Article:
20,697 9/08 Great Britain. 15 of 1907 MAURICE A. BRINDISI, Primary Examiner.

Claims (1)

1. A PROCESS FOR RECOVERING AT TEMPERATURES BELOW ABOUT 600*C. FINELY-DIVIDED SILICON DIOXIDE HAVING AN AVERAGE PARTICLE DIAMETER WITHIN THE RANGE OF 2 TO 200 MU FROM THE HYDROGEN FLUORIDE-CONTAINING GASEOUS REACTION PRODUCT OBTAINED BY REACTING SILICON TETRAFLUORIDE WITH WATER IN THE GASEOUS PHASE AT TEMPERATURES ABOVE ABOUT 600*C. WHILE INHIBITING REVERSE REACTION OF THE SILICON DIOXIDE WITH HYDROGEN FLUORIDE TO PRODUCE SILICON TETRAFLUORIDE AND WATER, WHICH COMPRISES (1) DILUTING THE REACTION PRODUCT WITH AN INERT GAS HAVING A LOWER TEMPERATURE THAN THE REACTION PRODUCT IN A VOLUME TO INHIBIT SAID REVERSE REACTION OF SILICON DIOXIDE WITH HYDROGEN FLUORIDE, SIMULTANEOUSLY REDUCE THE TEMPERATURE OF THE REACTION PRODUCT TO BELOW 600*C., AND THEREBY MAINTAIN THE AVERAGE SILICON DIOXIDE PARTICLE SIZE DIAMETER WITHIN THE RANGE FROM 2 TO 200 MU; AND (2) RECOVERING SUCH SILICON DIOXIDE FROM THE REACTION PRODUCT.
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Cited By (18)

* Cited by examiner, † Cited by third party
Publication number Priority date Publication date Assignee Title
US3273963A (en) * 1963-01-17 1966-09-20 Columbian Carbon Process for generating silicon tetrafluoride
US3442700A (en) * 1965-12-27 1969-05-06 Matsushita Electronics Corp Method for the deposition of silica films
US3625749A (en) * 1966-04-06 1971-12-07 Matsushita Electronics Corp Method for deposition of silicon dioxide films
US3645684A (en) * 1970-07-01 1972-02-29 Cities Service Co Fractionation of silica aerosols
US3661519A (en) * 1970-07-01 1972-05-09 Cities Service Co Hydrolysis of silicon tetrafluoride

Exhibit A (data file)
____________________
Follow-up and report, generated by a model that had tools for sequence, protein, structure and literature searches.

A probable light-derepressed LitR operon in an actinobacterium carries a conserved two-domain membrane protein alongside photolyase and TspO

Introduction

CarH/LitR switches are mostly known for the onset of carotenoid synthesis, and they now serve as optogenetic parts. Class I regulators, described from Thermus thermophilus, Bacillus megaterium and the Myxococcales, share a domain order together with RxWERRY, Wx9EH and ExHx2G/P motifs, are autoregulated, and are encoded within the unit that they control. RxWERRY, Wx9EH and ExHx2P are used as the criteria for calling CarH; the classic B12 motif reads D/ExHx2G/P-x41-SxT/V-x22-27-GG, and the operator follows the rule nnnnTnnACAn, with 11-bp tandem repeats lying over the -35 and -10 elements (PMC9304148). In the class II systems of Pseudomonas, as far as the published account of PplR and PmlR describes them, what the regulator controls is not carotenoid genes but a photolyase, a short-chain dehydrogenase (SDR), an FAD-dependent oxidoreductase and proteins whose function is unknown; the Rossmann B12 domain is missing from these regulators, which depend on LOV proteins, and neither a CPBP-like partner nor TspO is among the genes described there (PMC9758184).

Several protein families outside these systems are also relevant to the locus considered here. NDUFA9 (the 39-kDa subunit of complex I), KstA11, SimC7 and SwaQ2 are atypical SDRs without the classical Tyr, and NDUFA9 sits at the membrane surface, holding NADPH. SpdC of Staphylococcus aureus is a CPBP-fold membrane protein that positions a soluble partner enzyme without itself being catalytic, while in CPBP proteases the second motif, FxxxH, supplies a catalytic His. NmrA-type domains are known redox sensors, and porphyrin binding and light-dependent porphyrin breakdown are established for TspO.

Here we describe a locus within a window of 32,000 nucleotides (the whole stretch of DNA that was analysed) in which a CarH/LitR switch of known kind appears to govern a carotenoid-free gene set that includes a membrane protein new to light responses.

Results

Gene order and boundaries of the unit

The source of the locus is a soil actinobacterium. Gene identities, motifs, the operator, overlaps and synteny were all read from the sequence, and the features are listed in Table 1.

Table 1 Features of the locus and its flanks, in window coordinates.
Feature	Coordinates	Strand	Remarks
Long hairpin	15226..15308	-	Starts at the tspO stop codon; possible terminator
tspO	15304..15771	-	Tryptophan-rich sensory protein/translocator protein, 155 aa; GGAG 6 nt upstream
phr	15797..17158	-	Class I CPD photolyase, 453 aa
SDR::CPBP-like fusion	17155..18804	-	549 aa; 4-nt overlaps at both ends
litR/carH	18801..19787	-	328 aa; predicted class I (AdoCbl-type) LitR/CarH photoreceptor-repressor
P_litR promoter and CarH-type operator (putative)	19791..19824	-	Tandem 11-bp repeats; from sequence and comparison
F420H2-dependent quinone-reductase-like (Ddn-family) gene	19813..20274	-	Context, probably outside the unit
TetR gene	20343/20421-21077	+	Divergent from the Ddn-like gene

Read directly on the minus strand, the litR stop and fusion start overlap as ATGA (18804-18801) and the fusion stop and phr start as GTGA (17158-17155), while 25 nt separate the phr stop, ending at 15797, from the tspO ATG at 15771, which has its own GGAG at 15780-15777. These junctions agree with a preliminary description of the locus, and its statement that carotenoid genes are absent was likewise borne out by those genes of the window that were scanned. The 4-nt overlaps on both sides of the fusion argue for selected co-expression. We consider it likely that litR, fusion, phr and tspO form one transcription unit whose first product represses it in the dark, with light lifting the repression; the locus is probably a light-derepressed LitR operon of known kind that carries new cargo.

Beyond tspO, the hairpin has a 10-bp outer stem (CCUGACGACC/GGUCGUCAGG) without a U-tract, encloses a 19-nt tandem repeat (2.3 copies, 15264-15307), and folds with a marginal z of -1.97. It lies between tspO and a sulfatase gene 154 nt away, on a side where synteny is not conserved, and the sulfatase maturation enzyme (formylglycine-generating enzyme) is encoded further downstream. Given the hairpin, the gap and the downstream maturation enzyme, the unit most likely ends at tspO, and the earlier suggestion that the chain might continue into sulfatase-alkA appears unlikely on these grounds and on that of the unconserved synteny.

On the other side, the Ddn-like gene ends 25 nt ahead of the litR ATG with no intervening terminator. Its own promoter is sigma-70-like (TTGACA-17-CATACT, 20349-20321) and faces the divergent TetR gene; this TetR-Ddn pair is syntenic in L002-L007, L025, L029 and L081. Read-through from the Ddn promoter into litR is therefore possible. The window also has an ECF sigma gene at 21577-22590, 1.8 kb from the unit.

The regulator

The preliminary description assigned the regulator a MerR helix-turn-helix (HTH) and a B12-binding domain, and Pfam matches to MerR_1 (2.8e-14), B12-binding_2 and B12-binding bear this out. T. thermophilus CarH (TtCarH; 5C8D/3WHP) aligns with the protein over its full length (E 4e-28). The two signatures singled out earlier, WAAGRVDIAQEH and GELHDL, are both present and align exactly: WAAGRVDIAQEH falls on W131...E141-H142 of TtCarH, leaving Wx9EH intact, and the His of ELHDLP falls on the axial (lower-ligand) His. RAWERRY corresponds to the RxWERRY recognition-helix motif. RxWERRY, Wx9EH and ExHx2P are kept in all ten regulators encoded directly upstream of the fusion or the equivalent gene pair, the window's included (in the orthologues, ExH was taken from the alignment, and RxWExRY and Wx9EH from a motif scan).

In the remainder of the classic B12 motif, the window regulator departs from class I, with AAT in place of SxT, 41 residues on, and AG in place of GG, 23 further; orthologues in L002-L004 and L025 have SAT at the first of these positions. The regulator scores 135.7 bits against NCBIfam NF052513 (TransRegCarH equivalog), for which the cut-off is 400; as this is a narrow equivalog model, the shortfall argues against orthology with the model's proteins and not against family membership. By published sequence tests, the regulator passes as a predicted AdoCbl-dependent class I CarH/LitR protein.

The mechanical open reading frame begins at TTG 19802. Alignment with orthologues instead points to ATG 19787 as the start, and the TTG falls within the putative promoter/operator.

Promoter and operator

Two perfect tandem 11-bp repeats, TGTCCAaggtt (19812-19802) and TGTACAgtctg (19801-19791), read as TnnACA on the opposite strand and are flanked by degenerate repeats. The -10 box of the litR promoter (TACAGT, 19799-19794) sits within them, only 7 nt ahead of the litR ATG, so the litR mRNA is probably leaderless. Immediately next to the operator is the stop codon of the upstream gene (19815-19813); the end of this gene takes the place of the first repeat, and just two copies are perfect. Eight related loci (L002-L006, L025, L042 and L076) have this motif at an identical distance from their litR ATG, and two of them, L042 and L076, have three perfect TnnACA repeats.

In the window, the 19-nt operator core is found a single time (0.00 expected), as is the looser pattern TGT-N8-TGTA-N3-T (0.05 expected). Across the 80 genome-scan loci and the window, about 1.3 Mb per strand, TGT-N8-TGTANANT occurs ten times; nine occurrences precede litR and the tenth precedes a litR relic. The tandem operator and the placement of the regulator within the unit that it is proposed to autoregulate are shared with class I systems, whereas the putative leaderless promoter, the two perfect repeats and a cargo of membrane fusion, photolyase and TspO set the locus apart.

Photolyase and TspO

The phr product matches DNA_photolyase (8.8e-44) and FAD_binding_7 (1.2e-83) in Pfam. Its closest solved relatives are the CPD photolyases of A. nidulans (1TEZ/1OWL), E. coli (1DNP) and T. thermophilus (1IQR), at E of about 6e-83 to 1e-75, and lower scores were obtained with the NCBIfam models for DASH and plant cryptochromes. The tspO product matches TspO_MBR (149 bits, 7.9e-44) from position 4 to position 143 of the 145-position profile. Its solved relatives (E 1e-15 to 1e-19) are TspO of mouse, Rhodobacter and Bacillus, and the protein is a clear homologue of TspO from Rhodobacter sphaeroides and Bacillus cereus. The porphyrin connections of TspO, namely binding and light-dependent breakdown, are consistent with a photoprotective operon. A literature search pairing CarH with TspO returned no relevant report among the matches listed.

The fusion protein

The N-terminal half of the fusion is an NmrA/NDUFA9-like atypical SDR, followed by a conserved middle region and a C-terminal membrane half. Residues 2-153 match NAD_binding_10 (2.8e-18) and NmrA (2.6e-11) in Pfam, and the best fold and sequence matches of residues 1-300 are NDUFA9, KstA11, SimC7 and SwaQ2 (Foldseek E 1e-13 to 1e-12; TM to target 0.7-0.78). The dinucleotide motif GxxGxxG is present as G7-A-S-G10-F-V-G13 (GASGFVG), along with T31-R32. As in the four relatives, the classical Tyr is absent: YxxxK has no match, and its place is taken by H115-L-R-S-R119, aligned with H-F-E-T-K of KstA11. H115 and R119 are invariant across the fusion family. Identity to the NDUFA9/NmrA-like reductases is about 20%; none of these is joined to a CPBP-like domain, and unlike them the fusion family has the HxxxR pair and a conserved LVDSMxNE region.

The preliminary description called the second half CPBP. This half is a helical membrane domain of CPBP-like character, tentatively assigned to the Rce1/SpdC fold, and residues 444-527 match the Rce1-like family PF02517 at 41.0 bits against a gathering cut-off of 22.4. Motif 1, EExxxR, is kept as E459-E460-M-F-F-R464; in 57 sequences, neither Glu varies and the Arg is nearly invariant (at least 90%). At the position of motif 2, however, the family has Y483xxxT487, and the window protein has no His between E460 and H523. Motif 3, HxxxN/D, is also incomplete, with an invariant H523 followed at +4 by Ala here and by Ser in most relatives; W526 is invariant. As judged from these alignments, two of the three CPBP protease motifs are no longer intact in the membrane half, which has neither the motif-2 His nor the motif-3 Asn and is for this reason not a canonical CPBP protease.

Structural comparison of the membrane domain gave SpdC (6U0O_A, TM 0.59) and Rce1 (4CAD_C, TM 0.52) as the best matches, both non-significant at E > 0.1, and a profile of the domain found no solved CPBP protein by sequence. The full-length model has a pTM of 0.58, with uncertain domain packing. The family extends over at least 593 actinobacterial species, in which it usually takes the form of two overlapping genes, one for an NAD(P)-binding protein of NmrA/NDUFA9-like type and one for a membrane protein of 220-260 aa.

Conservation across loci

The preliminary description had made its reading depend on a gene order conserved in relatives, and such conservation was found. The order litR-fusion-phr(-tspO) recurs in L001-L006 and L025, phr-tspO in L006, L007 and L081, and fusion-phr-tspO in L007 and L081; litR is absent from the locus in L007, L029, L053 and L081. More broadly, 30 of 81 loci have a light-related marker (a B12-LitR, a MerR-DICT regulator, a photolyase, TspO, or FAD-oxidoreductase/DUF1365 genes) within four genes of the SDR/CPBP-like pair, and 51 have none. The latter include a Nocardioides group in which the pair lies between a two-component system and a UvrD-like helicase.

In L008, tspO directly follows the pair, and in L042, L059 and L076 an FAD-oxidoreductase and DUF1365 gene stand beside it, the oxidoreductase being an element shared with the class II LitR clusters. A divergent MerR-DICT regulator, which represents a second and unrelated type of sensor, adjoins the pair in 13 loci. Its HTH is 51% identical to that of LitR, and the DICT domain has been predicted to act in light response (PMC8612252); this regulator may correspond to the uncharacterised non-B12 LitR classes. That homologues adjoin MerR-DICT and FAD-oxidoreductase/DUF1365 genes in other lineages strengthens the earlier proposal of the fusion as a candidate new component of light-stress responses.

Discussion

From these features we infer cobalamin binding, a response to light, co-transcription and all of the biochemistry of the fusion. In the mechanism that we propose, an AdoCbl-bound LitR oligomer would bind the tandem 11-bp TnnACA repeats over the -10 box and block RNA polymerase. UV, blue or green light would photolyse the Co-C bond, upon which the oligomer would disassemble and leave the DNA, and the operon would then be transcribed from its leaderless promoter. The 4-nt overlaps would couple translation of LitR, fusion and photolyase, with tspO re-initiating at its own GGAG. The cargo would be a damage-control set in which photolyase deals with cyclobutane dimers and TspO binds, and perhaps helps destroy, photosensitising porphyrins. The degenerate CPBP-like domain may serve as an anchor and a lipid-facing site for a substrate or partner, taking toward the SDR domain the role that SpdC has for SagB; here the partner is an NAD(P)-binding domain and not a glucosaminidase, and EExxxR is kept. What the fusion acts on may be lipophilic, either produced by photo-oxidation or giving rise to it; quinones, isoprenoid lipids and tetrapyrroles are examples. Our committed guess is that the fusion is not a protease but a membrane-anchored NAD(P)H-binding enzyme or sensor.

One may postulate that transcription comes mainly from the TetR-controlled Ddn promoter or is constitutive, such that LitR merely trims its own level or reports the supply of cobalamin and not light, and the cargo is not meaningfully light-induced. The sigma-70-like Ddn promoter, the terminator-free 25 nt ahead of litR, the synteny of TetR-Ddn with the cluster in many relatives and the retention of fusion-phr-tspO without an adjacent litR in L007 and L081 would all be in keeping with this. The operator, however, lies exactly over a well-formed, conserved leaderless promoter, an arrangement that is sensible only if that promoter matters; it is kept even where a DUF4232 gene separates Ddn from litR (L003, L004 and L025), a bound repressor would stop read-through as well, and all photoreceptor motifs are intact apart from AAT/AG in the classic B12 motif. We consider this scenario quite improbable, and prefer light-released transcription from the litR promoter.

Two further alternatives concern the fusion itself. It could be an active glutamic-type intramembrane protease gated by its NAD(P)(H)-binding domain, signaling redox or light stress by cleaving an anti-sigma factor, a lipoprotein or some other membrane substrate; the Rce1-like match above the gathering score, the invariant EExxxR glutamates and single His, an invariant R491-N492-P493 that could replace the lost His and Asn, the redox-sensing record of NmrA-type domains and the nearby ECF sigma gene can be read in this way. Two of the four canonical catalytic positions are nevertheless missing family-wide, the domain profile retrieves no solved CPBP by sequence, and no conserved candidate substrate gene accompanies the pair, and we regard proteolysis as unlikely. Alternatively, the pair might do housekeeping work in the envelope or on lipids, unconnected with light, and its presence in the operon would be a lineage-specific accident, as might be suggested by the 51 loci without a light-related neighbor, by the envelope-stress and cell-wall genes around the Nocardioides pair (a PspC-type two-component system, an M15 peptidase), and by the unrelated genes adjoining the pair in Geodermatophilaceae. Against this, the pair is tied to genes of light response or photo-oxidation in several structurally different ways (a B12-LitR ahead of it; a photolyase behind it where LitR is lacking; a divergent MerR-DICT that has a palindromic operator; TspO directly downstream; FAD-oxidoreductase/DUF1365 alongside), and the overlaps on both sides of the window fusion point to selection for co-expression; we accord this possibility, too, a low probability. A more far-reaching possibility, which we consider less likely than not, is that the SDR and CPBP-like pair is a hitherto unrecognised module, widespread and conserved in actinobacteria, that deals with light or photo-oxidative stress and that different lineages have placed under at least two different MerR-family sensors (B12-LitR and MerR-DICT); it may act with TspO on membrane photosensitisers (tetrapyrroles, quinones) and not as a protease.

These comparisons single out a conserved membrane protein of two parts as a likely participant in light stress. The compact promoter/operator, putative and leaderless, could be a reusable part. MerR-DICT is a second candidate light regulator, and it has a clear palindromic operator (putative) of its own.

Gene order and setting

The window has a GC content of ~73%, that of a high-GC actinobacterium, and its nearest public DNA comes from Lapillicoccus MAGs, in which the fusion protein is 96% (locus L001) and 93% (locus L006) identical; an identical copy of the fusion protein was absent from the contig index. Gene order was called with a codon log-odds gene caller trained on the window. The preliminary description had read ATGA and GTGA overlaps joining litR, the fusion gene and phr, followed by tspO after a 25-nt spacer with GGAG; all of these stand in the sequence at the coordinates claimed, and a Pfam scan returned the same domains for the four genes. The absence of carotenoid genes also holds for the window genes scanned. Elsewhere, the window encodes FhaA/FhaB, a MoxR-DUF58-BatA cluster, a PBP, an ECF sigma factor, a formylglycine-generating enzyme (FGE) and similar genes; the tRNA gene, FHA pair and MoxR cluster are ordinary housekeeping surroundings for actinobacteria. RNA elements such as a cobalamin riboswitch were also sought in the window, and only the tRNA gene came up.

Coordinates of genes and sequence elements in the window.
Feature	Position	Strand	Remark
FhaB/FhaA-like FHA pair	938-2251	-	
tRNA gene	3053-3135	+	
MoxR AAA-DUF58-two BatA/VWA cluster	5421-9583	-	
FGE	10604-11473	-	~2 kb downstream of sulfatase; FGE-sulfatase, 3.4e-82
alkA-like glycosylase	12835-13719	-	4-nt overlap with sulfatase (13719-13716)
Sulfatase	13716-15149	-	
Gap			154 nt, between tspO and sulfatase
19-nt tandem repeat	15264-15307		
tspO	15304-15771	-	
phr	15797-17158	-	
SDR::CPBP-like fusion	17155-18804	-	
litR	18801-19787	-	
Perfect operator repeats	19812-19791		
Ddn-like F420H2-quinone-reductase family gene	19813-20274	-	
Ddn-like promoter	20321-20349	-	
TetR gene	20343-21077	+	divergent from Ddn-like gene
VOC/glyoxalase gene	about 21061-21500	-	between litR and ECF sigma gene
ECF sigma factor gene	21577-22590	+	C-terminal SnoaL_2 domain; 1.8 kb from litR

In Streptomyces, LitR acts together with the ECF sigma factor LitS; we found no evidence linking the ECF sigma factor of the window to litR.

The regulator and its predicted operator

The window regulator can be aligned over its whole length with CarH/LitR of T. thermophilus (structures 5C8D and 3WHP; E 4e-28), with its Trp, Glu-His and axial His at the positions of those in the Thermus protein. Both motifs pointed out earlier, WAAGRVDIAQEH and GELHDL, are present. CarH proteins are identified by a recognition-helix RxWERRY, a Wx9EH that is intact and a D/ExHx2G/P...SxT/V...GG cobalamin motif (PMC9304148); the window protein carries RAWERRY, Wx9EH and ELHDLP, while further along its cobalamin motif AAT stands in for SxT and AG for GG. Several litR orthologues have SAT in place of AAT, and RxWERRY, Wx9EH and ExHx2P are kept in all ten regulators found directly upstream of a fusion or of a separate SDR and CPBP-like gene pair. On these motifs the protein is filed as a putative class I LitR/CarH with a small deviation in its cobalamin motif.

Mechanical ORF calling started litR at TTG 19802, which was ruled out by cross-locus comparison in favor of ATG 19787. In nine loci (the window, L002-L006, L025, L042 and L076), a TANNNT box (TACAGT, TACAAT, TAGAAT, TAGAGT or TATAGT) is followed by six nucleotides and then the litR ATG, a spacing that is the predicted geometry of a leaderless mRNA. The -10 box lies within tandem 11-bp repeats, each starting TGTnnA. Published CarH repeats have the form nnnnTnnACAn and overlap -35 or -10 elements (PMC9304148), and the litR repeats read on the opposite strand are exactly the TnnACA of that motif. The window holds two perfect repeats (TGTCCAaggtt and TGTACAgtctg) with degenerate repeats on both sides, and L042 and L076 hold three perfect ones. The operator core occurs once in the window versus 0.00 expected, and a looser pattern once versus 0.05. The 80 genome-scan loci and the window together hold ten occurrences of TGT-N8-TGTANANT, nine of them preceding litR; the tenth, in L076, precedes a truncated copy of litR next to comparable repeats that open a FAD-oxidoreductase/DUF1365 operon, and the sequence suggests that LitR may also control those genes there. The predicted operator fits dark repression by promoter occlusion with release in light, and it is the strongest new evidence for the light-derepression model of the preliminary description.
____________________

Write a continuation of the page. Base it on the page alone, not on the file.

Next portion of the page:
US3969485A (en) * 1971-10-28 1976-07-13 Flemmert Goesta Lennart Process for converting silicon-and-fluorine-containing waste gases into silicon dioxide and hydrogen fluoride
US4036938A (en) * 1975-08-28 1977-07-19 Reed Richard S Production of high purity hydrogen fluoride from silicon tetrafluoride
US4151078A (en) * 1976-10-07 1979-04-24 The Dow Chemical Company Removing oil from water
EP0054530A1 (en) * 1980-12-12 1982-06-23 Gösta Lennart Flemmert Process and apparatus for preparing finely-divided silicon dioxide having high thickening capacity and good thixotropic properties
EP0054531A1 (en) * 1980-12-12 1982-06-23 Gösta Lennart Flemmert Process and apparatus for preparing finely-divided silicon dioxide in good yield
US5037557A (en) * 1989-09-12 1991-08-06 General Electric Company Treated silica for oil absorption
US6468490B1 (en) 2000-06-29 2002-10-22 Applied Materials, Inc. Abatement of fluorine gas from effluent
US20020182131A1 (en) * 2001-06-01 2002-12-05 Applied Materials, Inc. Heated catalytic treatment of an effluent gas from a substrate fabrication process
US6689252B1 (en) 1999-07-28 2004-02-10 Applied Materials, Inc. Abatement of hazardous gases in effluent
US7569193B2 (en) 2003-12-19 2009-08-04 Applied Materials, Inc. Apparatus and method for controlled combustion of gaseous pollutants